My yard has been overtaken by white clover. To me it's an eye sore next to the nice green front yard of my neighbors. But while searching on reddit for how to get rid of it, I feel like I found more praise for the flower (weed?) than anything else. So... Am I supposed to like them? Wife and I don't care about our grass TBH. We do get it cut every week.
So my roughly 30ftx30ft garden plot is starting to get really tiring to maintain/weed (I live next to the woods so I get everything. I'm constantly pulling up 30ft wisteria "ropes", or 10ft pieces of creeping charlie before they snap and I have to find the rest of it, etc). I've been reading up on dutch white clover and it sounds like something I'd want to blanket the area with and then just grow my crops in there like normal. Apparently it's cold hardy, perennial, mow-able, will spread even faster if you let it self seed (which I plan on doing the first year at least), out-competes weeds, is nitrogen fixing, doesn't get that tall even if you ignore it, attracts and feeds bees, and will naturally help the soil retain moisture just by virtue of shading it... Frankly it sounds perfect. But none of my usual haunts seem to have it. I know you plant it in spring; Is this just a bad time to buy so no one has it listed? Only place I can find it is Amazon and the reviews are mixed, but as always with seed reviews it's kind of hard to tell if the seeds were crap or the person planting them didn't do it right. So I guess my first question is where/when do you get your dutch white clover? I'm guessing I'd need about a pound.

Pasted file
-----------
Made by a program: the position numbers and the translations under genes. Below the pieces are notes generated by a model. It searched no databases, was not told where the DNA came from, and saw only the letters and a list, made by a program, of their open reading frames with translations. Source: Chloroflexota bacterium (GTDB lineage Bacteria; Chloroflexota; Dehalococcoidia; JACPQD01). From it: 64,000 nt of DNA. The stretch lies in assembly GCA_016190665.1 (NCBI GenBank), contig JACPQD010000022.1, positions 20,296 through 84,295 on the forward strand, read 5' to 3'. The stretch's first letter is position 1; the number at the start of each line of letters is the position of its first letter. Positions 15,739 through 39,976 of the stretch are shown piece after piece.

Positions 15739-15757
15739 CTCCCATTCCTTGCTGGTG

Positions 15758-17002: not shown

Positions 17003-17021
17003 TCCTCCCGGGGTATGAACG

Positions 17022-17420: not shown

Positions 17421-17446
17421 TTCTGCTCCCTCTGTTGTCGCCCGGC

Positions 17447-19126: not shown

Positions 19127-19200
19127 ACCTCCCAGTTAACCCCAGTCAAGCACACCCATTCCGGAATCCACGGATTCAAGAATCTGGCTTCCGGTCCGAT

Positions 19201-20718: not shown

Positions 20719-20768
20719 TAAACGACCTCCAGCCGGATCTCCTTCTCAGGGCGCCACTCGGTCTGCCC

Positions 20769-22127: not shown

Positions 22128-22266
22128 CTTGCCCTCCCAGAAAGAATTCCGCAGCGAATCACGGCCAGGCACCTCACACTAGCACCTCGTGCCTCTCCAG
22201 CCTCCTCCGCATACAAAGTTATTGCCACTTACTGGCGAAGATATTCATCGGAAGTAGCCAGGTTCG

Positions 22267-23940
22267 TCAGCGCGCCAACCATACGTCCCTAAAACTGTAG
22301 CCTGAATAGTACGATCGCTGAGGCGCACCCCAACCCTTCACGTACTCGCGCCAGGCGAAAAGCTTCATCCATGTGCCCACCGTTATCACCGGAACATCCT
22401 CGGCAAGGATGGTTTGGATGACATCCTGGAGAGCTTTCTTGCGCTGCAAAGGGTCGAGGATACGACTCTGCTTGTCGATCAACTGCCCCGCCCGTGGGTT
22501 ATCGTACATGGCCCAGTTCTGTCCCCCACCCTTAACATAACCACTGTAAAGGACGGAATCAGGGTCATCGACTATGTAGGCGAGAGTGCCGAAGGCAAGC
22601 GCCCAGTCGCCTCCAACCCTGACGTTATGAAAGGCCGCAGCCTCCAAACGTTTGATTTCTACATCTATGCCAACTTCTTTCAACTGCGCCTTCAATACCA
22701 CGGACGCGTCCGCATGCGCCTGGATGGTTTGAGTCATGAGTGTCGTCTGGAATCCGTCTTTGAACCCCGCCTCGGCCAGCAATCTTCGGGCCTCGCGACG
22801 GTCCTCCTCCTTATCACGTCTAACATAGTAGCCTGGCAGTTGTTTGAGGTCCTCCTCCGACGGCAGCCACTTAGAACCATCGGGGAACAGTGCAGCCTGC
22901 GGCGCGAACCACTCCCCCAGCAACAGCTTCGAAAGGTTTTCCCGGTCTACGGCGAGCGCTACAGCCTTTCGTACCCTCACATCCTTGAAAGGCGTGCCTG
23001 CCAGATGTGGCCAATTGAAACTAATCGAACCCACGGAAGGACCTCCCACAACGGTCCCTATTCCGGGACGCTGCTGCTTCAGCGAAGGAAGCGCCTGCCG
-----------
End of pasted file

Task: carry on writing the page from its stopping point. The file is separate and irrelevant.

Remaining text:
My second question is "does this sounds like a good idea to prepare the weed-infested plot?": I was planning on cutting everything in there down as short as I can around
November mid-late September, raking all that biomass out and putting it somewhere else for the time being, then soaking the whole area (mostly for thermal conductivity), and then using something like this propane tank weed burner to burn everything too low for the mower to get. Then till the whole thing (still working out how to do that, any cheapish recommendations?) to hopefully bring up some seeds/roots that survived under the surface, then soak and burn the whole thing again. I might plant garlic (cloves) the next day and use the gathered biomass to mulch it over the winter. When spring comes I'll just carpet the area with clover seed. I feel like the overwintered garlic will grow straight up though fledgling dutch white clover, am I wrong?
I would love to just do a proper slash and burn, but the plot is next to two fences, on of which is the neighbors, who has three fig trees pressed up against it so unfortunately that's a no go. I'd also like to avoid using herbicides if at all possible because I want to be able to claim ev... keep reading on reddit ➡
As suggested by abbas56, I'm sharing my notes on these three plants. Do others share the same opinion/findings?
I've gone and taken samples of red and white clover, and wood sorrel. Here are my tasting notes.
For the texture, I held leaf in mouth without chewing, first one side up then the other.
For the flavor, I took1-3 leaves, slowly chewed for as long as I could since the flavors change over time.
Pictures are here, https://imgur.com/a/Ok8GPSOMy fingers in some for reference.